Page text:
Nature channels feature informative and entertaining shows about the survival techniques of animals and other creatures.
Some, like lions and tigers, rely on strength and ferocity; others, like cougars, use stealth to stalk their prey; and a few, like snakes, prevail by quietly blending in with their surroundings—a skill that reminds us of the Metropolitan Water Reclamation District of Greater Chicago, or MWRD.
District officials have been masterful at flying under the radar within their natural environment—the state’s political milieu—without drawing much attention or scrutiny.
It’s enabled their bureaucrats and contractors to flourish, but it’s not necessarily good for taxpayers who foot the bill for an agency with about 2,000 employees and an annual budget far north of $1 billion.
So now, in the wake of “the recording,” it’s time for a little sunlight.
MWRD has its own police force, and the BGA recently reported on a district cop who was caught making offensive and revealing remarks over a police radio.
His hand-held device was accidentally keyed “on,” so his conversation with a newly hired officer was recorded over a State Police frequency and subsequently publicized.
He threw around the “n” word in discussing African Americans, used the “c” word for women, bragged about how little work he does—that he and many other employees sleep and drink on the job, and most are connected politically.
The officer is in the process of being fired, but we don’t buy MWRD’s argument that everything else there is just fine.
The recording prompts us to revisit an old efficiency question: Do we need an expensive, stand-alone agency to deal with flooding and water sanitation, or could its operation be folded into an existing department within, say, Cook County government?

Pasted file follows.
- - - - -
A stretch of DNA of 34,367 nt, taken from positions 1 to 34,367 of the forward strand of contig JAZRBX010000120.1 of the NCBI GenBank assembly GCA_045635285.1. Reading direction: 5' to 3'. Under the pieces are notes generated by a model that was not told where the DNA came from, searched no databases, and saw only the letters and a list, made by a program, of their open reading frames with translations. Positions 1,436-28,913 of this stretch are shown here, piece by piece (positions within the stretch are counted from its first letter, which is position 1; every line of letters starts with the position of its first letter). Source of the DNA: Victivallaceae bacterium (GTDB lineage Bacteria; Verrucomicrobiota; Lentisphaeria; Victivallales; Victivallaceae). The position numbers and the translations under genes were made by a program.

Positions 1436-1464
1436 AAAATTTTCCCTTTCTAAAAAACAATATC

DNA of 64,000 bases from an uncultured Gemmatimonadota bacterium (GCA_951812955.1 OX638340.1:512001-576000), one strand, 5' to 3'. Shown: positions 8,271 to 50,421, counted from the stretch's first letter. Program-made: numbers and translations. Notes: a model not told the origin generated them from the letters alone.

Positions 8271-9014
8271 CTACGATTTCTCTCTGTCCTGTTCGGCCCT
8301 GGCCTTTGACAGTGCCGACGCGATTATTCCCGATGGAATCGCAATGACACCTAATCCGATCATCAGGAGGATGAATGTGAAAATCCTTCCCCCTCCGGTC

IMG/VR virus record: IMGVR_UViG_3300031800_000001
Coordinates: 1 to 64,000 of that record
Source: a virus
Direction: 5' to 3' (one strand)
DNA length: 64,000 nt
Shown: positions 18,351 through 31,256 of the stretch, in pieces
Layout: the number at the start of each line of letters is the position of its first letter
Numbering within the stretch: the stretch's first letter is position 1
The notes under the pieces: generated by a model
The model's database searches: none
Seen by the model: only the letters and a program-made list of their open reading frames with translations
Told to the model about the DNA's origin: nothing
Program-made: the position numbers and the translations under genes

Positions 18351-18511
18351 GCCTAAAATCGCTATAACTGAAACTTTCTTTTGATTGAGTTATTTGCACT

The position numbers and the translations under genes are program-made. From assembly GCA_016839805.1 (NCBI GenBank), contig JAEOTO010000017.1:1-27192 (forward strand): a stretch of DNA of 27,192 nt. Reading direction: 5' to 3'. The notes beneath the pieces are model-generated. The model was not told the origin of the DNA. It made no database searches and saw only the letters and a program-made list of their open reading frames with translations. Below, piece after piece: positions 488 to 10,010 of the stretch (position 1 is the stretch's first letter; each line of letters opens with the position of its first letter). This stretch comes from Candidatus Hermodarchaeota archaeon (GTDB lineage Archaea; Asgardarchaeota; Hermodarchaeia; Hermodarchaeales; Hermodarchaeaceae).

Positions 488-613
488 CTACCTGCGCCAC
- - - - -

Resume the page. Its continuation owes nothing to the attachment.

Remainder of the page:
- Why does MWRD need nine elected commissioners who are paid at least $70,000 a year for part-times jobs that include staffs, pensions and perks?
- Shouldn’t an internal watchdog—an inspector general—be rooting out waste, mismanagement and corruption; and monitoring the hiring process to ensure that new employees are well-qualified and not political hacks?
MWRD is one of the state’s largest public agencies without an IG, and it’s been unwilling to create one.
A spokeswoman for the district says the IG question was “posed to our external auditor this year,” the “auditor reviewed the checks and balances” and decided “an IG would not be recommended.”
Okay—that’s an auditor’s opinion, but it doesn’t have to be the end of the discussion.
Several years ago the BGA documented exorbitant salaries at MWRD, where the number of six-figure employees more than doubled between 2005 and 2010, and salaries exceeding $200,000 a year more than tripled.
At the same time, taxes to fund the district kept going up.
It’s been a dumping ground for connected workers for years, as the loose-lipped officer candidly admitted.
And speaking of that incident, district officials still haven’t adequately explained how the officer came to be hired, and why they didn’t know he’d been fired from his previous job with the Chicago police.
All of the above confirms the need for a serious conversation about the future of the MWRD, and the hiring of an internal watchdog to keep an eye on an agency that’s been hiding in the grass far too long.